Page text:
We used to know who made our stuff.
I was reading a book called “Glass, Paper, Beans” by Leah Hagar Cohen. I've never read her stuff before, yet the book compelled me to pick it up one day while browsing at a used book store. Sometimes shit just calls your name, ya know? The subject matter caught my attention. The premise of the book was the stories of the people behind what we use every day. In this case, the author is sitting in a coffee shop reading the daily paper. Thus the title and ultimate history lesson about glass mugs, the newsprint industry and coffee production.
We really have no idea regarding the stories behind our stuff.
For the record, Juan Valdez does not exist. He and his trusty mule bandying about some Columbian mountainside are figments of an advertising wizard's fertile imagination.
There is a push on to buy local stuff. I see it every day in store windows and internet posts and advertisements. But what does this mean? If I buy a banana from a local shopkeeper, do I know the story behind the production and processing of that banana? The last time I checked, we don't grow bananas in Canada which means it came from elsewhere. Presumably, I might know the shopkeeper. Beyond that it's pretty much a crap shoot.
Someone once suggested to me I buy a suit from a local producer. Thus, I would know who made the article. In truth, I don't know who made the article. I know who cut the fabric and sewed it together but I don't know the person who produced the cloth and thread and buttons and zipper nor do I know the person who assembled the machine which stitched it all up. The only person I really knew was the person stitching the cloth together.
Even then, would I know they were the one to stitch it together?
Much of what we buy originates elsewhere, constructed by faceless people (or equally faceless machines). In our global economy, the food container could be from China, the metal to make the container from Europe, the edible contents from Brazil and the labels from Canada. How do I really know where anything truly comes from?
All Canadian Beef!
Um... really? Is the farmer here to verify that?
The world economy has become faceless and thus, emotionless. There was a time when we knew the butcher, the baker and the candlestick maker. They all lived down on Drury Lane with the Gingerbread Man. I knew whose farm my steak came from. I knew the growers of corn and beans and carrots. I knew the weavers of cloth and the builders of chairs. Even now I can go to a farmer's market and meet the grower. Yet, I would bet beyond a reasonable doubt they didn't manufacture the bag or the labels or the cute little berry basket.
It isn't possible to know exactly where things come from any longer. I do get the premise behind buying local and one must also keep in mind the faceless box store corporations employ several people on my block. What do we do with them when the store closes?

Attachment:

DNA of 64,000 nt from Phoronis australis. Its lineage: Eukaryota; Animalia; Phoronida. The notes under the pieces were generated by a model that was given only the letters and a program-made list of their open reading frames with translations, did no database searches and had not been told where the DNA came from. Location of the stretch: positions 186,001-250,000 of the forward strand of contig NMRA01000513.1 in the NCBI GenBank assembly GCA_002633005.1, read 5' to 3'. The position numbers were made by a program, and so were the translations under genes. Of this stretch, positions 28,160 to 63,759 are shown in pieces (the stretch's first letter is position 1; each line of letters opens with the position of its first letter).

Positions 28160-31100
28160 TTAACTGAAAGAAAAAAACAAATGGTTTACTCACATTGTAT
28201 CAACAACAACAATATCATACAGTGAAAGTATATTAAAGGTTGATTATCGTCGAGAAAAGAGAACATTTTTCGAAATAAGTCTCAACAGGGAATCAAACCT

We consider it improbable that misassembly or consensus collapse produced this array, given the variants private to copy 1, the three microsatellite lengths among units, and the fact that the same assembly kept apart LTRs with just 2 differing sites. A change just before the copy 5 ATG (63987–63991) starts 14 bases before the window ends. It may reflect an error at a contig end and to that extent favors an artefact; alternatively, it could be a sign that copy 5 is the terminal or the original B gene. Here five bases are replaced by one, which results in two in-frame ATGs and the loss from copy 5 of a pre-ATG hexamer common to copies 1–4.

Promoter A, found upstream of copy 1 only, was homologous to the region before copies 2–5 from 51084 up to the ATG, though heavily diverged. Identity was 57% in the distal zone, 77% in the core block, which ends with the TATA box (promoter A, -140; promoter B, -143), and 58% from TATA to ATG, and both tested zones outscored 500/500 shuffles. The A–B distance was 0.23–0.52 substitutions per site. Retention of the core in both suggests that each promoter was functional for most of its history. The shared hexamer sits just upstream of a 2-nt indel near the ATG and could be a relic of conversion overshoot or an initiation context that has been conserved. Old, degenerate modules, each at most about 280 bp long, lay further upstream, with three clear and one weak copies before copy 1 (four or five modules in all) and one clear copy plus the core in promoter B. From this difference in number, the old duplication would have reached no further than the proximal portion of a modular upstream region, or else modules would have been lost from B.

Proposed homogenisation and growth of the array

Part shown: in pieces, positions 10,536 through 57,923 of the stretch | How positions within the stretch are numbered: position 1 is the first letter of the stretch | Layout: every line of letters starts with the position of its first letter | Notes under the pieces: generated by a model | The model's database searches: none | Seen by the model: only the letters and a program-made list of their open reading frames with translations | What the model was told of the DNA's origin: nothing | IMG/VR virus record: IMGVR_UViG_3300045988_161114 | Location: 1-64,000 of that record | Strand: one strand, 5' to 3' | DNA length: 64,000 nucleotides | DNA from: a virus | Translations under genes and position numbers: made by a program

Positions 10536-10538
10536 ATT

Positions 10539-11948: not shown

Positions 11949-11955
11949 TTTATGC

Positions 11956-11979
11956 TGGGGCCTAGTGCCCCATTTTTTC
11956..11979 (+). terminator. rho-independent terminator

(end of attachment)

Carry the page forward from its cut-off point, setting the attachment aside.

This in no way means I shun local stores. In fact, I use them as much as possible. At the same time, I try to be realistic about the origins of certain items.
There are many stories out there. I think it's far too easy to not notice the young man behind the counter paying his way through university or the single mom at the big box store who is worried about what to feed her kids that night. Those are the real stories behind our stuff. Those are the real people.
I think it's important to recognize the mug which contains my morning coffee came from a small company in a town in New Jersey which employs an elderly man who has been pushing the same buttons for 35 years, is close to retirement, who frets over how he will pay his bills come next July when they push him out the door, who only wants to be home with his adored wife of 42 years and to tend to his gardens in the back yard with his grandchildren.
That's the guy I want to know.

Real people behind my stuff.

Wednesday, 14 September 2016

Common Sense with Bears

During my recent trip to the hinterlands of Northern Ontario, I met a bear.
Before I go further regarding the bruin, the “Hinterlands” of Northern Ontario are much more civilized than our southern cousins give credit and there are quite a few people in that stick-ridden, backward boondocks who know they are far better off than those occupying the smoggy, concrete jungles of the south. Yet, folks in the south of the province are convinced those of us from the north are flea-bitten, bearskin wearing, slow learning, axe wielding, red-plaid Neanderthals without the sense to move to the warmer climes. In fairness, there are fleas in the north, just not as many because the natural predators who eat them aren't smothered in tarmac, concrete, and lawn fertilizer.
But, that's another story.
As it often seems, I come back from Away to Not Away with a slightly different orientation than before I was Away. Yeah... that sounds weird to me too.